Judge Michael Davis of Minnesota sentenced nine young men who were members of an Islamic State cell in the Twin Cities of Minneapolis-St. Pauls. Davis hired a deradicalization expert from Germany, Daniel Koehler, to assess the men before he handed down his sentences. His reports were taken into consideration when determining the sentences.
Although he considered using mandatory deradicalization programs as part of his sentences, Judge Davis instead gave all of those sentenced prison time, with terms ranging from 21 months to 35 years.
He sentenced the men in three batches, depending on their level of cooperation with the authorities.
The first set of three men was sentenced on Monday. All three pleaded guilty to conspiracy to provide material support to a terrorist organization.
Abdullahi Mohamed Yusuf, 20, was sentenced to the 21 months imprisonment which he has already served while awaiting trial. He will now go to a halfway house.
Abdirizak Warsame, 21, who expressed remorse in an exclusive interview with 60 Minutes received two and a half years imprisonment.
Zacharia Abdurahman, 21, was handed down a sentence of 10 years, on the grounds that unlike the other two, he refused to cooperate with the government and testify against his co-conspirators.
When asked why he refused to do so he told the judge, “As a man, I made a decision not to do that to my former friends. Your honor, I’m a man of principle. … Our religion teaches you not to harm another brother.”
The second group of three ISIS supporters was sentenced on Tuesday. All three pleaded guilty, but also refused to cooperate with government prosecutors. They, too, received harsher sentences.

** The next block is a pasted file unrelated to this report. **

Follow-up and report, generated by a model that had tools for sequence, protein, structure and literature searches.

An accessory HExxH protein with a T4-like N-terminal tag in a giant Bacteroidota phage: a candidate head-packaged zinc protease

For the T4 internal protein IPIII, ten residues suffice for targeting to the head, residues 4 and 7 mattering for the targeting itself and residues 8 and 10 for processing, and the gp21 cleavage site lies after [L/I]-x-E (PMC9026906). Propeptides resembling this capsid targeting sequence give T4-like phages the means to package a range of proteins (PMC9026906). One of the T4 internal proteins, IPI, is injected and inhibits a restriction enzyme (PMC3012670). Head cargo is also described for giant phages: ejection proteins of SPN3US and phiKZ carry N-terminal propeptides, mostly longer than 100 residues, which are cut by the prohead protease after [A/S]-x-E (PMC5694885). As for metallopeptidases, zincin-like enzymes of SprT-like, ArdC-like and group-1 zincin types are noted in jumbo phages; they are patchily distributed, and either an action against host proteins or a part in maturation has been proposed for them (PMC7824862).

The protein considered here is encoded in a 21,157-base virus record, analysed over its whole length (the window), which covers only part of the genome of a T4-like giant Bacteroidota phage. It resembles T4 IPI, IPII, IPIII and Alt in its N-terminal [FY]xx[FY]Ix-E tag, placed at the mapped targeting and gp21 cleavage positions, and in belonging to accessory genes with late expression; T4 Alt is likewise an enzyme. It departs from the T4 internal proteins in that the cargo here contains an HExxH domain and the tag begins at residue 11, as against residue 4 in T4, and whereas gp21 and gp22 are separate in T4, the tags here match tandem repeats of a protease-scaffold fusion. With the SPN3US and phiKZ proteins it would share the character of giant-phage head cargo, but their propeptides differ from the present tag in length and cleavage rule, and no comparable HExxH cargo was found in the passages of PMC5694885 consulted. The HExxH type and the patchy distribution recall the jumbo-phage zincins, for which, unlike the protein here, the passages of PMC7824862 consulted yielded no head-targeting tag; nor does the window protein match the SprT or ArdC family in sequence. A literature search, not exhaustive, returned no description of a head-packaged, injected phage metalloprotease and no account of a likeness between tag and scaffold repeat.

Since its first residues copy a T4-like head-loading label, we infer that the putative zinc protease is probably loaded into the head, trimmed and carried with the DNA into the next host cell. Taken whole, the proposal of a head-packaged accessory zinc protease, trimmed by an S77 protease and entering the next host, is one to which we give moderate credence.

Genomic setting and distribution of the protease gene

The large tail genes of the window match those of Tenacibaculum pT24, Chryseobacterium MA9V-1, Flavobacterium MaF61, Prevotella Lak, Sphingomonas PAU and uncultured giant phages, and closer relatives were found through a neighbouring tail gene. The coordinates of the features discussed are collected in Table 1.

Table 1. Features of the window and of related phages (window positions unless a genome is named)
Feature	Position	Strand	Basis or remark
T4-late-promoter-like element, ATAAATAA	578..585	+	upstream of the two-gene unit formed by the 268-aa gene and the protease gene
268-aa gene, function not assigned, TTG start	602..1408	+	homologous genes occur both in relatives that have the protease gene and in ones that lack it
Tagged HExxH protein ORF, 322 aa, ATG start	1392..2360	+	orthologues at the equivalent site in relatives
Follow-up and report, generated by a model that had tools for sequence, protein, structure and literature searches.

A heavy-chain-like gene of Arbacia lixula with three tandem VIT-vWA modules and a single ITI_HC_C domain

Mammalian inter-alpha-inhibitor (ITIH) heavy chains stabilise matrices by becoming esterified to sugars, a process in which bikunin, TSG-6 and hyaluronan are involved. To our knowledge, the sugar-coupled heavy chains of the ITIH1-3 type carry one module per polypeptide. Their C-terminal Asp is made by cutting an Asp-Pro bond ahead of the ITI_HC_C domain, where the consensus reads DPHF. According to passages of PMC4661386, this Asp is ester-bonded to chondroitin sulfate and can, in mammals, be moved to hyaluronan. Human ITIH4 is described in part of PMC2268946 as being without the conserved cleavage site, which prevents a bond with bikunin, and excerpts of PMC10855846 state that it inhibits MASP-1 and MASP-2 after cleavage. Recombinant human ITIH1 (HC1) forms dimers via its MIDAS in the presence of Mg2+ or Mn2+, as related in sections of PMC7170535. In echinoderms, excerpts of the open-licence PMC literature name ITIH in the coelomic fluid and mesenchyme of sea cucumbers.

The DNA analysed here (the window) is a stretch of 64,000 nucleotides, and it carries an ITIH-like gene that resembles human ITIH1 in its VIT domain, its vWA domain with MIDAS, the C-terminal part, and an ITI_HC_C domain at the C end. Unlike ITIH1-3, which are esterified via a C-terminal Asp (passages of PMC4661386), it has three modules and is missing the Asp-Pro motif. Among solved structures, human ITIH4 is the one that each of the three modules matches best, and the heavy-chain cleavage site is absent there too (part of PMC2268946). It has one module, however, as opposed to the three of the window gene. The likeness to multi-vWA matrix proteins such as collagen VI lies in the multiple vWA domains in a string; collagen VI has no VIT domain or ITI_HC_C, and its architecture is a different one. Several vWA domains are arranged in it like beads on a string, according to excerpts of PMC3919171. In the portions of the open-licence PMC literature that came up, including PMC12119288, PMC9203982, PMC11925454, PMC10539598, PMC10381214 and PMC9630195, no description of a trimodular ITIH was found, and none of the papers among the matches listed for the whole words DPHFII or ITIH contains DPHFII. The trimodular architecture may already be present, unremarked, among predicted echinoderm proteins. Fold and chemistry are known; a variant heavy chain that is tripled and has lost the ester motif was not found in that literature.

Hamza Ahmed, 21, received a sentence of 15 years for conspiracy to provide material support to a terrorist organization and for financial-aid fraud to finance his trip to Syria.
“I refuse for this to be my legacy, I will come back, make a positive [difference] for my community, for people around me and I will be remembered,” he told the court, stressing that he was making an effort to deradicalize himself. “I want you to understand I am not completely changed,” Ahmed, 21, told Davis. “I’m in the process, but nobody changes overnight. I’m trying every day. I want to reach that point.”
Hanad Musse, 21, was sentenced to ten years. He had an opportunity to cooperate but lied to deradicalization expert Koehler instead and tried to protect his co-conspirators. Although federal prosecutors asked for a 15 year sentence, Judge Davis said setting the maximum sentence despite a guilty plea would send the wrong message.
Adnan Farah, 20, had applied for an expedited passport to leave the U.S., but his father confiscated it before he was able to leave the country when the passport arrived in the mail. Judge Davis told the father, who was present in the court, his action saved his son’s life.
Farah was sentenced to ten years.
The final group of three ISIS terrorists pleaded not guilty and their cases went to trial. They were not referred to Koehler and received the heaviest sentences.
Abdirahman Daud and Mohamed Farah, 22, received sentences of 30 years imprisonment each. Despite an emotional plea from Daud he had reformed, which Davis seemed to accept, Davis said his first priority was to protect American citizens and that doing so required handing down lengthy sentences.
The heaviest sentence was reserved for the ringleader of the cell, Guled Omar, 22, who was sentenced to 35 years.
Omar attempted to persuade the court he had reformed in a tearful statement. Prosecuting attorney Winter countered, saying, “Make no mistake, this defendant is extraordinarily dangerous. Only when backed into a corner, does he attempt to offer false contrition. You can’t fix manipulative. You can’t fix deceitful. And you can’t fix Guled Omar.”
Judge Davis agreed, saying to Omar, “Everything you have said here, I don’t believe.”
Judge Davis made a point to say that felons were not a reflection of the Somali-Muslim community of Minnesota.
“I will fight anyone who says Islam is a dirty religion or one of violence. It is not,” Davis said. “I’ve been stern and harsh in my sentencing for good reason, which is to incapacitate this cell.”
“I have traveled the world trying to figure out what to do with this jihadist behavior,” he added. “There’s nothing in our criminal justice system that can even come close to try to rehabilitate someone who has extreme jihadist ideology … Terrorists and their supporters should be incapacitated for a long period of time.”